> So one might view metaphysical necessities as conceptual necessities: true in virtue of the meaning of our concepts, but yet not tautological "by definition", or purely formal truth. <

    Yeah, I’m sympathetic to this way of looking at it, and I don’t object to your Kripkean example concerning personal identity (which I see as distinct from the water issue above).

    ReplyDelete
    Replies
    1. Even departing from a pure kripkean semantic (=assuming that something must have some physical characteristics to be water) my point was that "water implies H2O" could still be considered a metaphysical necessity, even though "H2O implies water" is not necessary...

      Delete
  12. DM,

    > If there is H20 in another universe but it behaves differently because the laws of physics are different, firstly I'm not convinced that it's composed of "genuine" hydrogen and oxygen but some alien analogues thereof, and secondly if you could convince me that it was composed of hydrogen and oxygen then I would indeed regard it as water. <

    Then you do think that water = H2O is a metaphysical necessity. I’m not. Again, the issue isn’t what we would call such a substance, I really don’t care for semantics in this case. But I don’t see why you take the strong position that if something is made of hydrogen and oxygen it also must behave in a certain way, regardless of the laws of physics. Are you saying that for some reason we can alter, say, the strength of the laws characterizing molecular bonds, and yet somehow H2O would still behave in the same way? That sounds like magic to me… ;-)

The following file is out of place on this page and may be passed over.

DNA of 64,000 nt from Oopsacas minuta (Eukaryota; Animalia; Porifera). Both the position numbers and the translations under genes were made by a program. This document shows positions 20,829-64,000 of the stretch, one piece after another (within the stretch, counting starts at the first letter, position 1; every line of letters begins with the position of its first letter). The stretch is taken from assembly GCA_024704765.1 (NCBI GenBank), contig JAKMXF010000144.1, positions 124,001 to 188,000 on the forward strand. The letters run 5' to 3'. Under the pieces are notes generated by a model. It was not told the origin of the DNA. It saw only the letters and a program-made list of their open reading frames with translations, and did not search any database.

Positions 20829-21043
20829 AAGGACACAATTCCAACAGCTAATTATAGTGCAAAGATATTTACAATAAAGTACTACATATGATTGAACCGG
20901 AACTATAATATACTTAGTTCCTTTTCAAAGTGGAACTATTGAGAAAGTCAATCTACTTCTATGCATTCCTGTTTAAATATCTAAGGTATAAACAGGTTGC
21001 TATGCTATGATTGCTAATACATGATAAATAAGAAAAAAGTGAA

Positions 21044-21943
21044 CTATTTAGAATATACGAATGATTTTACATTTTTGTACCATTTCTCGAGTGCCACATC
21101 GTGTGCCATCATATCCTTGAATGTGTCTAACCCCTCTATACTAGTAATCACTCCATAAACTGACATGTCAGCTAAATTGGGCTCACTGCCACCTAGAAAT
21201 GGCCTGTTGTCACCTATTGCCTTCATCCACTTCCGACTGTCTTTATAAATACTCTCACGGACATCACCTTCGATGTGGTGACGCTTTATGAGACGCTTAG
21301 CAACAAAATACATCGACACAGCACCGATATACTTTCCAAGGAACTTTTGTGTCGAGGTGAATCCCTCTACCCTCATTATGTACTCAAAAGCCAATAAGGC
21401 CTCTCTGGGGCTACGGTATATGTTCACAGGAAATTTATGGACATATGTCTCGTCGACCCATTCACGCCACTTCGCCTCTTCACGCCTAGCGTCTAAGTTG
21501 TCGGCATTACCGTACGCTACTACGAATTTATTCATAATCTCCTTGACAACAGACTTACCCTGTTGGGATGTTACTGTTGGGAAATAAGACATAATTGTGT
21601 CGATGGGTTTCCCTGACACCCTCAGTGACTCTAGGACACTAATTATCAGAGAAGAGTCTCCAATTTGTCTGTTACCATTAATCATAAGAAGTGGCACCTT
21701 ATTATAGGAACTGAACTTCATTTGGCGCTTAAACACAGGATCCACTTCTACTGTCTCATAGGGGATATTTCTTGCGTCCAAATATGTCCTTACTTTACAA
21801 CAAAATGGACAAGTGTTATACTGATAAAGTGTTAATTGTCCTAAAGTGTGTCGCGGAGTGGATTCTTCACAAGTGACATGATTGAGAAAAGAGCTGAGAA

> this question seems to me to be not metaphysical at all and it only depends on what you mean by water. I mean "H20" by water <

    As I said, not interested in that angle. That is true, but trivially so, hence no further discussion is needed.

    > I reject the idea of metaphysical necessity as distinct from logical necessity. <

    I’m inclined to do the same, though I’m still somewhat open to the possibility of genuine metaphysical necessity. But it doesn’t sound from the above like this is your position.

    > For something to be metaphysically necessary we would need a set of metaphysical laws. These laws could not be deduced from first principles because this would reduce them to logical necessity. They could not be detected by scientists because this would reduce them to physical laws. <

    Yes, as I pointed out in the post.

    > This is one of many reasons why I think all logically possible worlds must exist. <

    Nah.

    Thomas,

    > “Finally, we will assume that whatever is metaphysically necessary is nomologically necessary, but not conversely.” <

    Sounds like the author of the SEP entry distinguishes between physical (nomic) and metaphysical possibility, regarding the latter as ampler than the former. But on what grounds?

    > I guess what I'm asking is whether an empirical approach might reveal a nomological necessity that is mistaken for a metaphysical necessity <

    Well, since nomic necessity is a necessity by physical law, all nomic necessities are physical as well as metaphysical (just like if something is physically necessary it is also logically so). The question is whether there is something that is not physically, but metaphysically, necessary. Still looking for a good example…

    ReplyDelete
    Replies
    1. Hi Massimo,

      >Then you do think that water = H2O is a metaphysical necessity.<
      No. This is only a semantic thing. For me, "water" means "H20". If you define "water" as a colourless, odorless liquid which expands slightly when it freezes, then I agree it doesn't have to be H2O, but that's not *my* particular definition.

      >But I don’t see why you take the strong position that if something is made of hydrogen and oxygen it also must behave in a certain way, regardless of the laws of physics.<